French Bulldog (Frenchie): Dog Breed Characteristics & Care
History, Care Tips, and Helpful Information for Pet Owners
The French Bulldog (or Frenchie) is a robust, compact dog breed that was naturally developed in France. It has a huge head, a short snout, and bat-like ears. This breed is animated, endearing, and fun. The French bulldog is a smaller, more distant relative of the English bulldog; while the two breeds have some traits in common, they also differ from one another.
This adorable, loving dog is impossible to resist and would make a lovely pet for any family. Since they are more robust than the typical little dog despite their small size, they may thrive in smaller homes and apartments. Frenchies tend not to bark excessively, unlike some other tiny dog breeds, but they will undoubtedly let you know when someone is at the door. This breed isn’t for you if you work long hours, travel frequently, or simply don’t have much time to dedicate to a pet. They don’t accept being left alone for lengthy periods of time.
Generally, this breed is devoted and clever, usually gets along with kids and other pets, and makes a great family dog. The French bulldog is a happy and sociable dog.
Overview of the breed GROUP: Non-sporting
11 to 13 inches tall
Weight range: 19 to 28 lbs.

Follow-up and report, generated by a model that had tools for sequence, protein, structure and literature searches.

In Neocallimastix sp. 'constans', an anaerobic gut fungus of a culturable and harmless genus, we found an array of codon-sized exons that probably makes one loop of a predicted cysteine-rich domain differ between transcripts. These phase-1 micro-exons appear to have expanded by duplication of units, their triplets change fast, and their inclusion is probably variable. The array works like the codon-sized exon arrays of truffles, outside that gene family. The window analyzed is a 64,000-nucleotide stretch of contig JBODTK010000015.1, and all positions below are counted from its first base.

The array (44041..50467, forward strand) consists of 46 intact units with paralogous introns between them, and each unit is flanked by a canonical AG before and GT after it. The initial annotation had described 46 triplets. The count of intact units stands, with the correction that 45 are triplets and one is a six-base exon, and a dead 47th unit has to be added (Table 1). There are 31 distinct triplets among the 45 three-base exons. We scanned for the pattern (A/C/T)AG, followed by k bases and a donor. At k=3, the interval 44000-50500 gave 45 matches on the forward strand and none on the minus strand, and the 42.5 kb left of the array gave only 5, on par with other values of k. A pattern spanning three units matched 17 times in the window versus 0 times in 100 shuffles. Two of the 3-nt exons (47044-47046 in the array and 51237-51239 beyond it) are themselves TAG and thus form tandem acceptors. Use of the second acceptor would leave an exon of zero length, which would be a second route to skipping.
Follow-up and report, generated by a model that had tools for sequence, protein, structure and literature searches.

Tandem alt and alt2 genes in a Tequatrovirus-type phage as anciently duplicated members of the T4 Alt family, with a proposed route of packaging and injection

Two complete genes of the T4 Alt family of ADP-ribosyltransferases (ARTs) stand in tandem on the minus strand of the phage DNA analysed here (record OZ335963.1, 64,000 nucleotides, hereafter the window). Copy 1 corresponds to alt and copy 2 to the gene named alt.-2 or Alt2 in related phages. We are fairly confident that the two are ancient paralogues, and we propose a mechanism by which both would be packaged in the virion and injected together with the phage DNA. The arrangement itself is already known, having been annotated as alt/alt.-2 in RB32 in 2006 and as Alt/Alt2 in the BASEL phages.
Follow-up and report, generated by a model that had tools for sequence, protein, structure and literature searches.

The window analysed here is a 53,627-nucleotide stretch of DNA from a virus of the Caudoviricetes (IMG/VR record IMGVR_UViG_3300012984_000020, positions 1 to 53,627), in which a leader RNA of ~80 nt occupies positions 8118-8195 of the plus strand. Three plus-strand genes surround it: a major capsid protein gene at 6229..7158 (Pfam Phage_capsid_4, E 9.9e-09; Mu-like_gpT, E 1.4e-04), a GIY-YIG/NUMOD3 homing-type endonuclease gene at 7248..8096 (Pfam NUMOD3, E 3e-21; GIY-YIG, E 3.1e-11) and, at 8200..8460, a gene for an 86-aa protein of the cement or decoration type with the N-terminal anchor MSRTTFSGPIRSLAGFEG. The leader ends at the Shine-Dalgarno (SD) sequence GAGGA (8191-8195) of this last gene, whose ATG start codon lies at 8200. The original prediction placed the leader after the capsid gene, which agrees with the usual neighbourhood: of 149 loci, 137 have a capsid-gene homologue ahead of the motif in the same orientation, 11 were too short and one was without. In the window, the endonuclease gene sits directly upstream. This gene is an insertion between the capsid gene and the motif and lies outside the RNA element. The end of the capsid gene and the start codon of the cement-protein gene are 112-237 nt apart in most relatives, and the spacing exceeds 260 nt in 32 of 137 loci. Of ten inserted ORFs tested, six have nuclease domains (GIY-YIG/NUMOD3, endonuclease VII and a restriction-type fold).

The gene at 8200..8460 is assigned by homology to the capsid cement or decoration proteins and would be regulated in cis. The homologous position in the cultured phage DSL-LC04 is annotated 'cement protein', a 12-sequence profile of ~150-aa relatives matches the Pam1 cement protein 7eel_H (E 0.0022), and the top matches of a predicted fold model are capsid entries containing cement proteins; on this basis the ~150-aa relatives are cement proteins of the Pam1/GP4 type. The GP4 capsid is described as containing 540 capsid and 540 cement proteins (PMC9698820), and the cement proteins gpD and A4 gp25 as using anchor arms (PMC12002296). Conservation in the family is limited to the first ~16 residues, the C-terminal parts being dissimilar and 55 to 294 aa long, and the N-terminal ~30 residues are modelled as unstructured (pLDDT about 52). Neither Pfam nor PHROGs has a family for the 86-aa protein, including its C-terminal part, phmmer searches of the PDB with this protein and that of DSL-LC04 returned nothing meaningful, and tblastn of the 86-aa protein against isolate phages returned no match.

SHORT, SMOOLY FUR FOR A COAT
Brindle, fawn, white, or blends of brindle and one of these colors and white
PERIOD OF LIFE: 10 to 12 years
TEMPERAMENT: Lively, amiable, devoted, caring, vivacious, and gregarious
HYPOALLERGENIC: Yes (only produced by French Bulldog Texas, Top Dollar)
defining traits of the French Bulldog
French bulldogs are loving, family-oriented canines who thrive when given plenty of quality time with their owners. Be mindful that your Frenchie will long for your company and struggle if left alone for extended periods of time each day. This playful breed enjoys spending time with its owners and kids (along with other pets in the household, in most cases).
French bulldogs are a fantastic breed choice for apartment life because they normally only bark when something really needs your attention. While your Frenchie will enjoy playing inside or outside, these dogs don’t really need a lot of exercise to keep happy and healthy. For these snub-nosed canines, a daily game of fetch or tug-of-war is about all that is necessary. And at the end of the day, your Frenchie will be content to spend some quality time cuddling with you on the couch.
The French Bulldog’s past
Although there is some debate regarding the breed’s ancestry, the French bulldog is unquestionably descended from the English bulldog. Several people think that the English bulldog was reduced in size by selective breeding before being sent to France, where the French bulldog was gradually formed. About the time that several groups of employees were relocated from England to France, many toy English bulldogs were being bred; it is assumed that they took the small dogs with them.
The French bulldog differs from the English bulldog by having ears that resemble bats rather than roses. The prominent ears of the toy English bulldogs, which were less attractive in England, were readily accepted by French bulldog enthusiasts. It is possible that other breeds, such as various terriers and the pug, contributed to the bloodlines of the French bulldog.
In the late 1800s, American society women started to favor French bulldogs. The French Bull Dog Club of America’s breed standard specifies that erect bat ears are the ideal ear type.